English Studies.  Sitting next to each other in the cafeteria, we introduced ourselves and heard their stories.  Meeting these Polish college students was an awesome experience!  We bonded over music, history, and what turned out to be a common sense of humor. 

 Afterwards, some of our group went with the Polish students to a beautiful beach on the banks of the Vistula River where kids our age gather.  At the river’s edge, they sat and talked, watched the sunset, and shared many laughs.  Most of our group went back into the city to do last-minute shopping, pack, and rest up after our busy last day in Warsaw. 


Sunday, May 29, 2016

Paths to Spirituality in Poland

looking upward
We started the day with a short tram ride to a neighborhood cathedral for Sunday Mass.  The church had a beautiful interior, and we intrigued by the display of rosaries hung around two paintings of Mary.  A clanging bell started the prayers, which were entirely in Polish.  Much of the hour-long service consisted of a sermon, hymns sung by the congregants, and communion.  On the side was an area for the kids to play, and so their laughter was juxtaposed by the somber voice of the priest.  
sublime arts
For those who find transcendence through the arts, Sunday also provided an opportunity with a noon time Chopin piano recital in a nearby park. The turn-out was a lot larger and younger than at the church.  Before the concert started, LeeAnn taught us about Chopin’s life.  We were particularly interested in figuring out how, after Chopin’s death in Paris, his sister extracted his heart in order to smuggle it into Poland where it currently resides in the Holy Cross Church in Warsaw.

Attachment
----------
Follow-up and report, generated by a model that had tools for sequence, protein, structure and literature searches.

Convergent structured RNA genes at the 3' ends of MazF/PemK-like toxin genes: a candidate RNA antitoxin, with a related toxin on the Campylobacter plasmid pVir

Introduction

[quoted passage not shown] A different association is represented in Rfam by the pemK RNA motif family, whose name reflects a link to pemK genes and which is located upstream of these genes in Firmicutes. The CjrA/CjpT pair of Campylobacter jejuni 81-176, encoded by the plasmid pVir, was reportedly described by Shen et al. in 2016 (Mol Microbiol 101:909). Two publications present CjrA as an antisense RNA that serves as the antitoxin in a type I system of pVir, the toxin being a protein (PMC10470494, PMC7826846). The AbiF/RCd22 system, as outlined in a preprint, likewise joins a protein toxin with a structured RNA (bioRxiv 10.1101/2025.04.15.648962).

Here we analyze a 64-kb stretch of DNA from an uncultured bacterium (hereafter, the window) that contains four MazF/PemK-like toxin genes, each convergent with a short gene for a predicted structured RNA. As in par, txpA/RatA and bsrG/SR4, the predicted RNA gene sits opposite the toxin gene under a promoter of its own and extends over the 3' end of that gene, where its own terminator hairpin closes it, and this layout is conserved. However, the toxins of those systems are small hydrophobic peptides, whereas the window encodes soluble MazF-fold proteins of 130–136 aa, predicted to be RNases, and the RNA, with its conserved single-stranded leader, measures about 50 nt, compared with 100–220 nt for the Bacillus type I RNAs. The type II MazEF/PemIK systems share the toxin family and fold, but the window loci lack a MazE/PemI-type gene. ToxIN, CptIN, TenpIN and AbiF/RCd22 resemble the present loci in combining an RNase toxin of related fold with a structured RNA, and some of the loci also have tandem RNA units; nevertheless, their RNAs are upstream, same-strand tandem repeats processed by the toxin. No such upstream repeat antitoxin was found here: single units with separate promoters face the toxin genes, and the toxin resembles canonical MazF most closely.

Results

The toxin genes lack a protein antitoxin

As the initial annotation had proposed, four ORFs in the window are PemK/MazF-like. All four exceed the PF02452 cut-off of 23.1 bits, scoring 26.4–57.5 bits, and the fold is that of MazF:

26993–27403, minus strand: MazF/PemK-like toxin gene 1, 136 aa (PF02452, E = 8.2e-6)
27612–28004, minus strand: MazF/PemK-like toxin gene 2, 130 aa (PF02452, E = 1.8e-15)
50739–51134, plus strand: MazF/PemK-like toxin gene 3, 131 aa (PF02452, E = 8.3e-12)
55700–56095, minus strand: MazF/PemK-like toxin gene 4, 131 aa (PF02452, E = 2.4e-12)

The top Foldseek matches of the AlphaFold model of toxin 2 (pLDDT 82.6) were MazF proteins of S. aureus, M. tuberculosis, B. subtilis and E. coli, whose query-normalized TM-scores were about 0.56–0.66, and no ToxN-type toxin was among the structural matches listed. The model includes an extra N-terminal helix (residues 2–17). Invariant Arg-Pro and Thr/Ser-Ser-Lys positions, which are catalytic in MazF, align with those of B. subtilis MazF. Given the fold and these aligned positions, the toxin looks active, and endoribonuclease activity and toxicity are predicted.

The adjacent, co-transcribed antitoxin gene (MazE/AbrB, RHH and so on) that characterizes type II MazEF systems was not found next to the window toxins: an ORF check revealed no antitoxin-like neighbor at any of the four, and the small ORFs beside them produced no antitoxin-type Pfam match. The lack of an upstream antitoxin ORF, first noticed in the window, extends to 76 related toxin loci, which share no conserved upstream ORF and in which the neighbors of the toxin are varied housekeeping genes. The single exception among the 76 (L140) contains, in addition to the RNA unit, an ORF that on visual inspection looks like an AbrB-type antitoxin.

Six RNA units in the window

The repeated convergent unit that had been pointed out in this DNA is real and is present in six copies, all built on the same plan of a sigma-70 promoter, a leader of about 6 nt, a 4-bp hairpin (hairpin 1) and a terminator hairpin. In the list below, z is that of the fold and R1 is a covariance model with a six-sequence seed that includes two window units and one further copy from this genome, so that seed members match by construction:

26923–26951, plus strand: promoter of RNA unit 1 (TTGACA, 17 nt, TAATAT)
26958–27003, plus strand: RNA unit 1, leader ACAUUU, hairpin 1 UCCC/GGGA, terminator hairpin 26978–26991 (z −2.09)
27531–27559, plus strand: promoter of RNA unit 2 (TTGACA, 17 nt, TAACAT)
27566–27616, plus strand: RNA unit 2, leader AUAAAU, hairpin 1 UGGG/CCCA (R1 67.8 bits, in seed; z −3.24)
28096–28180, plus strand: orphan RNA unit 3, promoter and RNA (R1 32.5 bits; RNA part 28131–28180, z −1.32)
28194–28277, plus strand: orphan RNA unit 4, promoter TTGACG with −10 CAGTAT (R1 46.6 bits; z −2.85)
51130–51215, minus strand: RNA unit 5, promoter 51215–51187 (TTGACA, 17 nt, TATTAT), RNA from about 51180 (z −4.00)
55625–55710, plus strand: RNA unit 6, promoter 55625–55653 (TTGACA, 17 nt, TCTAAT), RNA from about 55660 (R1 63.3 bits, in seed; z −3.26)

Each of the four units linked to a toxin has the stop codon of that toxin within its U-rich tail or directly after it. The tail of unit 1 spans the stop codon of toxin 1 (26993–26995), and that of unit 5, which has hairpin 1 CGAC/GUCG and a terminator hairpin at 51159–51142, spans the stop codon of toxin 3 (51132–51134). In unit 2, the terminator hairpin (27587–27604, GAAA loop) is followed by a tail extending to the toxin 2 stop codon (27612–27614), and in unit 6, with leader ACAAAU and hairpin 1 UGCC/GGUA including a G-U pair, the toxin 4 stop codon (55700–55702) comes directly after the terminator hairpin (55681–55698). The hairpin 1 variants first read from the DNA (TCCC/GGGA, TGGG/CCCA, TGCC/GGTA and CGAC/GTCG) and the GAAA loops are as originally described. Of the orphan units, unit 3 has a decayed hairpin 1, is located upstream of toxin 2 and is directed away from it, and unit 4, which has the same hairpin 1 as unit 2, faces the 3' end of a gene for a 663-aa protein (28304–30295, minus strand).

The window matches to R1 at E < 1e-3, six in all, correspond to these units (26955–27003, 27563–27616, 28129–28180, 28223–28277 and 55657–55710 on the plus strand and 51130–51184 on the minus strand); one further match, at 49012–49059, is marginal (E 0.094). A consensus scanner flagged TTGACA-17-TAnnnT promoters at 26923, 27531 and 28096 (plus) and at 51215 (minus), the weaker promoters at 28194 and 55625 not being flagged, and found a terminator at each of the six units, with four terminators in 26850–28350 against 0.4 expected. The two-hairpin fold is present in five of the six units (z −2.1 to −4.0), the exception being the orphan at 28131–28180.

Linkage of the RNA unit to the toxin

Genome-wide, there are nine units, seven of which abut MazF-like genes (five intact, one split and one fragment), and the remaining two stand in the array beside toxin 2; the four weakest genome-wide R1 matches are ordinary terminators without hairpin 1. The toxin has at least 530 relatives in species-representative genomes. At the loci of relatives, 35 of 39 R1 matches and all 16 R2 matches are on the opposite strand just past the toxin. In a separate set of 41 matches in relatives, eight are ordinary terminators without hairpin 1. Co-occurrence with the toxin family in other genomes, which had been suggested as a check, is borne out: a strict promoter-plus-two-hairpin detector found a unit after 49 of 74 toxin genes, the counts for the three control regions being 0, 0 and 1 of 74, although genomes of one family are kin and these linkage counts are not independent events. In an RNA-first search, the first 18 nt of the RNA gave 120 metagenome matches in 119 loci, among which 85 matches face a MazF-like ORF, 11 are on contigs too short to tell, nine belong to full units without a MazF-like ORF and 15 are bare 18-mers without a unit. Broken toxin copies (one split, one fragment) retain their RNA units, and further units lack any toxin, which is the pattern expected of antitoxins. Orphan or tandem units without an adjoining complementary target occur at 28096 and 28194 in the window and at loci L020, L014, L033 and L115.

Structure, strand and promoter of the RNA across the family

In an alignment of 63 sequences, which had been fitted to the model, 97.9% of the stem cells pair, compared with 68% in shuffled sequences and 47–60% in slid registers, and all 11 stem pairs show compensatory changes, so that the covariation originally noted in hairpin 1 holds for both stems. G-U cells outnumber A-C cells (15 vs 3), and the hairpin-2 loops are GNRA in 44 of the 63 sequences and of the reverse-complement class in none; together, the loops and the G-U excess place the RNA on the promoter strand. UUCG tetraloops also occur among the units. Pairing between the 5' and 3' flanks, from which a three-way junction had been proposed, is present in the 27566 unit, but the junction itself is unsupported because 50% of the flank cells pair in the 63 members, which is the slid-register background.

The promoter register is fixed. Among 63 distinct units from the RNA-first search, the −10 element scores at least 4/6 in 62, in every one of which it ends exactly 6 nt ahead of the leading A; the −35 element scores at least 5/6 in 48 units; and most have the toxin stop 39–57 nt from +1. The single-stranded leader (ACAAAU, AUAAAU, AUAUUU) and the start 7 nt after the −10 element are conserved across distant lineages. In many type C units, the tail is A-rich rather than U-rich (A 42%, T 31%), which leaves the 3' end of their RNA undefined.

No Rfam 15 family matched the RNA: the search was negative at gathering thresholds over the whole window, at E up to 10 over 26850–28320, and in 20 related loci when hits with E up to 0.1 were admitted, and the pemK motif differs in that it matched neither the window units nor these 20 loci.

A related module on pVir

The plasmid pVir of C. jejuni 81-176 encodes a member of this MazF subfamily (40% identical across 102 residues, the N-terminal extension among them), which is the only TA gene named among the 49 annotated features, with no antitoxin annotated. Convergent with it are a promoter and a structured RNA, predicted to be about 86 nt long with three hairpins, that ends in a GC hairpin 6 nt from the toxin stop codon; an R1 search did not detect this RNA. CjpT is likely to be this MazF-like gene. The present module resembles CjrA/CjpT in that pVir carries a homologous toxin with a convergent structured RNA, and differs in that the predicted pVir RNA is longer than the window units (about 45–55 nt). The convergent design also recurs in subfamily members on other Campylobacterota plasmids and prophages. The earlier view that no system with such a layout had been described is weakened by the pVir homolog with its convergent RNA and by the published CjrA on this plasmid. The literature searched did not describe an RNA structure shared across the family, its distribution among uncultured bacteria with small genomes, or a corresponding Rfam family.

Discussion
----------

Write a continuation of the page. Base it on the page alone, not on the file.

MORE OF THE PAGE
looking down
Hopping on a tram, we went to the northern side of town for a quick lunch and a visit to the Nozyk Synagogue, the only Warsaw synagogue to survive World War II (partly because the Germans used it as a horse stable).  It was built in 1902 by a successful merchant named Zalman Nozyk who felt that none of the 400 synagogues then present in the city fit his needs: most were small rooms in houses and businesses and the one big synagogue was affiliated with Progressive Judaism.  Nozyk wanted a free-standing Orthodox synagogue (in such synagogues, men and women sit separately during prayer).    Nozyk hired the architect of the Warsaw Philharmonic Hall to design his synagogue, so the result was quite pretty.  Within a few years he donated his synagogue to the Warsaw Jewish community with the proviso that it keep his name and 
looking inside
always include prayers on his family’s behalf.  We toured the upstairs gallery that is reserved for women attendees (men are on the first floor).  In the large adjoining room there were several new miniature period houses, intricately furnished. Those of us who find a state of grace in dollhouses were fulfilled.

under our feet on the sidewalks